What Matters More About the Interpersonal Reactivity Index and the Jefferson Scale of Empathy? Their Underlying Constructs or Their Relationships With Pertinent Measures of Clinical Competence and Patient Outcomes?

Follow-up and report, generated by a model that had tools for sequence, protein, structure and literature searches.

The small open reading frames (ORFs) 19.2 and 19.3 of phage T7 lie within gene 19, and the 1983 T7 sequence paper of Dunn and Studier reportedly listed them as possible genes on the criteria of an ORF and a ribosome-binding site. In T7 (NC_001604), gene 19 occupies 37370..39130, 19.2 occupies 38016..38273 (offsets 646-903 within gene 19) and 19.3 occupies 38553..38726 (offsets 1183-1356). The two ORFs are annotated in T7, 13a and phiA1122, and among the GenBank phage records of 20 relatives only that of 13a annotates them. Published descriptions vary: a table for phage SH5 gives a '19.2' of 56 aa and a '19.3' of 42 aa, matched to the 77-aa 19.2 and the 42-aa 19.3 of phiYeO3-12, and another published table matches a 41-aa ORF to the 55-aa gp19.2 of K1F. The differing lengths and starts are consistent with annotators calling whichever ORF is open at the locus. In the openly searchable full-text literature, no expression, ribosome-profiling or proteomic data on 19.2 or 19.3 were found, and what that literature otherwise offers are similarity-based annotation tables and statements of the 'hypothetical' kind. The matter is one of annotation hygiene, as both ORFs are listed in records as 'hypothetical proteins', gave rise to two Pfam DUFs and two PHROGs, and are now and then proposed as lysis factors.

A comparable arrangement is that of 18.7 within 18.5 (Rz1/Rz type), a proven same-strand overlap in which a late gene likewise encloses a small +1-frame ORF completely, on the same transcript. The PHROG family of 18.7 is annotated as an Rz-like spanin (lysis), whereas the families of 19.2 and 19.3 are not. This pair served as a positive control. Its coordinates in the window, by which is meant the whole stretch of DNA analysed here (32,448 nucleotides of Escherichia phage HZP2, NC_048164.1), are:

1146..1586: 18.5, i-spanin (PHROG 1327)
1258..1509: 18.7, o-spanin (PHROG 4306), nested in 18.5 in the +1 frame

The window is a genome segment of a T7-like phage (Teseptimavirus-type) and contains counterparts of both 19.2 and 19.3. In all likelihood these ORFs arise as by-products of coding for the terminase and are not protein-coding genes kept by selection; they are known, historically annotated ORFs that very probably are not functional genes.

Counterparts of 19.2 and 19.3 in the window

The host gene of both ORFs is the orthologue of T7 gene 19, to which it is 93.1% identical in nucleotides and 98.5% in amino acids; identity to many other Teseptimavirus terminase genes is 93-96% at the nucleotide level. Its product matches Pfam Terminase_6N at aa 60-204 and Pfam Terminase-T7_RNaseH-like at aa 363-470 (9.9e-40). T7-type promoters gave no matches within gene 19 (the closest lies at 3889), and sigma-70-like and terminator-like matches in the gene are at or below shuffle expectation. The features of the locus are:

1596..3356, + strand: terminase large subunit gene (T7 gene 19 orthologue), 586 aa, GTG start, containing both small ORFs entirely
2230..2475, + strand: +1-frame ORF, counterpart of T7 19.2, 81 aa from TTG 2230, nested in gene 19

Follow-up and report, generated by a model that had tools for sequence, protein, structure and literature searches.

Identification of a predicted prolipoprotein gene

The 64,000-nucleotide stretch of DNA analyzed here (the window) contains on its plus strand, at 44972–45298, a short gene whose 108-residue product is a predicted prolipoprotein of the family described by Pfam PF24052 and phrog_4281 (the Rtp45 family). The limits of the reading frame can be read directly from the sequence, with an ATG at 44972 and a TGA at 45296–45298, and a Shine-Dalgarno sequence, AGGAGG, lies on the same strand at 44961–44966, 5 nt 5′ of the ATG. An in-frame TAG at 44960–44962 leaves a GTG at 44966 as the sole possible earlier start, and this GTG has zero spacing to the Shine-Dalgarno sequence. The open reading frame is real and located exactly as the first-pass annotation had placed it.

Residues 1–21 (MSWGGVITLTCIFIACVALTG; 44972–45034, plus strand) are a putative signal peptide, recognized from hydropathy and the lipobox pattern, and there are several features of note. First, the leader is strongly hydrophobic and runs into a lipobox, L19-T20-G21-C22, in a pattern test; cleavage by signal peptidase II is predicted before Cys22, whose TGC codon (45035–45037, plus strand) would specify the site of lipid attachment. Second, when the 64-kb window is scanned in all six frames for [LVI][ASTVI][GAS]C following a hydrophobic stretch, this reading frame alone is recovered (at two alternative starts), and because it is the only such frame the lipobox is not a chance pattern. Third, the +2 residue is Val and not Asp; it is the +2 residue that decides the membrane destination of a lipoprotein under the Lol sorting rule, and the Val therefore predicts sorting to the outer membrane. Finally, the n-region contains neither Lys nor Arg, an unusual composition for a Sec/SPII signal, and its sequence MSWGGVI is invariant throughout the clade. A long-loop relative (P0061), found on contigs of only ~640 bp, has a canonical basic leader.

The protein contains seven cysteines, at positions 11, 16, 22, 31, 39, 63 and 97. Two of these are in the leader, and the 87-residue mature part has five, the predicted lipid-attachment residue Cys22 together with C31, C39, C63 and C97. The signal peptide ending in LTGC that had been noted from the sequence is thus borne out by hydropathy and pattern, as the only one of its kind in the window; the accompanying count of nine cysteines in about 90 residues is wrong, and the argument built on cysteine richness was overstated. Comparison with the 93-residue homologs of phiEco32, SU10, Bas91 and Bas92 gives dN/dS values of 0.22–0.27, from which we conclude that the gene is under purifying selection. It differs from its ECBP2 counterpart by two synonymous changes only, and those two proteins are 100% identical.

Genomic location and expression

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In their study published in this issue of Academic Medicine, Costa and colleagues confirmed the underlying constructs of the Interpersonal Reactivity Index (IRI) and the Jefferson Scale of Empathy (JSE) in medical students. The authors of this Commentary propose that in comparing two instruments that both purport to measure empathy, researchers or test users must pay close attention to the target populations, the conceptualizations of empathy, and the validity evidence in relation to pertinent criterion measures. The Commentary’s authors draw attention to the fact that the IRI was developed for administration to the general population, whereas the JSE was developed specifically for administration to students and practitioners of health professions. Also, the author of the IRI conceptualized empathy as a combination of cognitive and emotional attributes, whereas the authors of the JSE defined empathy as a predominantly cognitive attribute. These differences are reflected in the content of the items, which determines the underlying constructs of the two instruments. The Commentary authors suggest that any empathy-measuring instrument in the context of health professions education and patient care requires the crucial evidence of significant relationships with indicators of clinical competence and positive patient outcomes. Such validity evidence is readily available for the JSE, and the Commentary authors recommend that researchers make efforts to provide pertinent validity support for any other instrument measuring empathy in health professionals-in-training and in-practice.

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